Draft in Cecil's writing. Endd. Pp. 3.
July 30. 1125. The Queen to Sir Henry Norris.
Allows well of his usage of the Earl of Thomond, and although she knows him to be a person of small value in Ireland otherwise than her maintenance and favour has made him, having others of that house who are both in wit and courage and, in opinion of the country, for right of blood nearer to have the earldom than he is; yet can she be content for avoiding of practices upon pretence of his name that he be persuaded to come over to England, and as his cause may anywise permit to show him grace. Therefore he is to let him understand that she likes well his humble letter, and that his cause will be favourably heard and that he will find her disposed to mercy. If he should desire further assurance under her hand for certainty of pardon or for a protection to come and return without stay, he may say that he has received no other answer from her. Would be glad that he should have no further assurance, but if this will not satisfy him, Norris is to give him assurance under his own handwriting that if he shall not find such favourable answer to his demands as he may like, that by his intercession he may have liberty to depart out of England without let, and so she is content that Norris shall do without seeming to have any order so to do from her. Means to observe that which he shall grant. Will shortly send some one with a message to the King and Queen Mother in furtherance of the common cause of the Queen of Navarre and the Princes, which person shall take his place and so revoke him from his painful charge.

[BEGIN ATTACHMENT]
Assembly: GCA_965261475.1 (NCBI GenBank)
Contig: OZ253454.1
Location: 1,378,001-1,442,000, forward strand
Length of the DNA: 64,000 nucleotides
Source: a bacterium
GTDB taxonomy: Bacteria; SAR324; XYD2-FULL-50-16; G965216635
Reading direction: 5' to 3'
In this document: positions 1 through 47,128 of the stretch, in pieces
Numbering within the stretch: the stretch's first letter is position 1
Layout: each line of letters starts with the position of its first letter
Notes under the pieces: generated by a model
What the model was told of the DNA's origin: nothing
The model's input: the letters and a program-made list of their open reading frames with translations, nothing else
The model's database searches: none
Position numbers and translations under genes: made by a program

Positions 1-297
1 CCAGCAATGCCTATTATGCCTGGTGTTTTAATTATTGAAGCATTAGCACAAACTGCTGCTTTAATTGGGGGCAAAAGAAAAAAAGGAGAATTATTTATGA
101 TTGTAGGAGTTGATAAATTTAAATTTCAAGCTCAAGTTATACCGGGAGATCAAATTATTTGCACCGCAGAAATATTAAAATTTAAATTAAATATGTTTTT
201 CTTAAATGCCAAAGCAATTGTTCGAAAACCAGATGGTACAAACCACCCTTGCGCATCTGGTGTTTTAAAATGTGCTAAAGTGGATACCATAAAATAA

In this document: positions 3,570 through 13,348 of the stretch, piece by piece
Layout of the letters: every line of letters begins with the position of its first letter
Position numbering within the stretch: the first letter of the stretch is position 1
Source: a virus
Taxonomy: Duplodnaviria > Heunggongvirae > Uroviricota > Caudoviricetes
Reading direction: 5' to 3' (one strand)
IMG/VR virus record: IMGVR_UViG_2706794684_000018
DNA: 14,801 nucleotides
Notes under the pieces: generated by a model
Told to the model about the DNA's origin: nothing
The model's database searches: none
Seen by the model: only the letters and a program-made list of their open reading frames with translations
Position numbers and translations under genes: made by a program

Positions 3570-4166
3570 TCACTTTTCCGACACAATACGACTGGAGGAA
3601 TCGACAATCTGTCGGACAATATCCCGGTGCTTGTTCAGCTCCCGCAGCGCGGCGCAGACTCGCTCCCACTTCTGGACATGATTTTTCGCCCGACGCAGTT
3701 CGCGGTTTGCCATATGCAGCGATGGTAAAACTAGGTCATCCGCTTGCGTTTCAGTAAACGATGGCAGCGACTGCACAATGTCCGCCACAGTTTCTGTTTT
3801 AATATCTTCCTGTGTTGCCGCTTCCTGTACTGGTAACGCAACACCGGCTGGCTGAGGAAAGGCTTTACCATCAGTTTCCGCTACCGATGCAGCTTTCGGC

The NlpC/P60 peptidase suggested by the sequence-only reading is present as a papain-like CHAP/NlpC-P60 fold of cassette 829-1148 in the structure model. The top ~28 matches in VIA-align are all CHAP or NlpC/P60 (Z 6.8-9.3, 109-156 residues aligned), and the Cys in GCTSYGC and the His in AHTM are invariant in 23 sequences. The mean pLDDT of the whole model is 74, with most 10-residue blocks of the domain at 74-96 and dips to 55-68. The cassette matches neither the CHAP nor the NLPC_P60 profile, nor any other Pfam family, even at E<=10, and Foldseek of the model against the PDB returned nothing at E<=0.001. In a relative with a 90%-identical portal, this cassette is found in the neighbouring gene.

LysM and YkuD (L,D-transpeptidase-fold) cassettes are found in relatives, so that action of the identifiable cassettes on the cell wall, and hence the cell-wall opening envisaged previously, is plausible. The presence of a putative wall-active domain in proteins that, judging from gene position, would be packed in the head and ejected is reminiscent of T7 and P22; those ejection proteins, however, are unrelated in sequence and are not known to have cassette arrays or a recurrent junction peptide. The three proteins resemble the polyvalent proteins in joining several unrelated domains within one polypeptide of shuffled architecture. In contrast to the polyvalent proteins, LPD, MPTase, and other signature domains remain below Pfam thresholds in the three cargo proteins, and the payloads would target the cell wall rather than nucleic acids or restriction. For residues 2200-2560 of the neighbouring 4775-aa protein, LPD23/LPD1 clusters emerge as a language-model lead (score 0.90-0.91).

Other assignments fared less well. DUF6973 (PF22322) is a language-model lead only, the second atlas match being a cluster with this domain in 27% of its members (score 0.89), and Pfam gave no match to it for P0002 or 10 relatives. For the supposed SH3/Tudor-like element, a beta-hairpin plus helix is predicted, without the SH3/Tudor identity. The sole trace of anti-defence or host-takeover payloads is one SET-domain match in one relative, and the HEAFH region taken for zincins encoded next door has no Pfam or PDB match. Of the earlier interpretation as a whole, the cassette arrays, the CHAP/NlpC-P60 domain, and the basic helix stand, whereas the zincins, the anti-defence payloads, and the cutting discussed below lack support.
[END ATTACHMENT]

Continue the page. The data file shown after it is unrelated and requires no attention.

Draft in Cecil's writing. Endd.: 30 July 1570. Pp. 2½.
July 31. 1126. The Earl of Sussex to Lethington.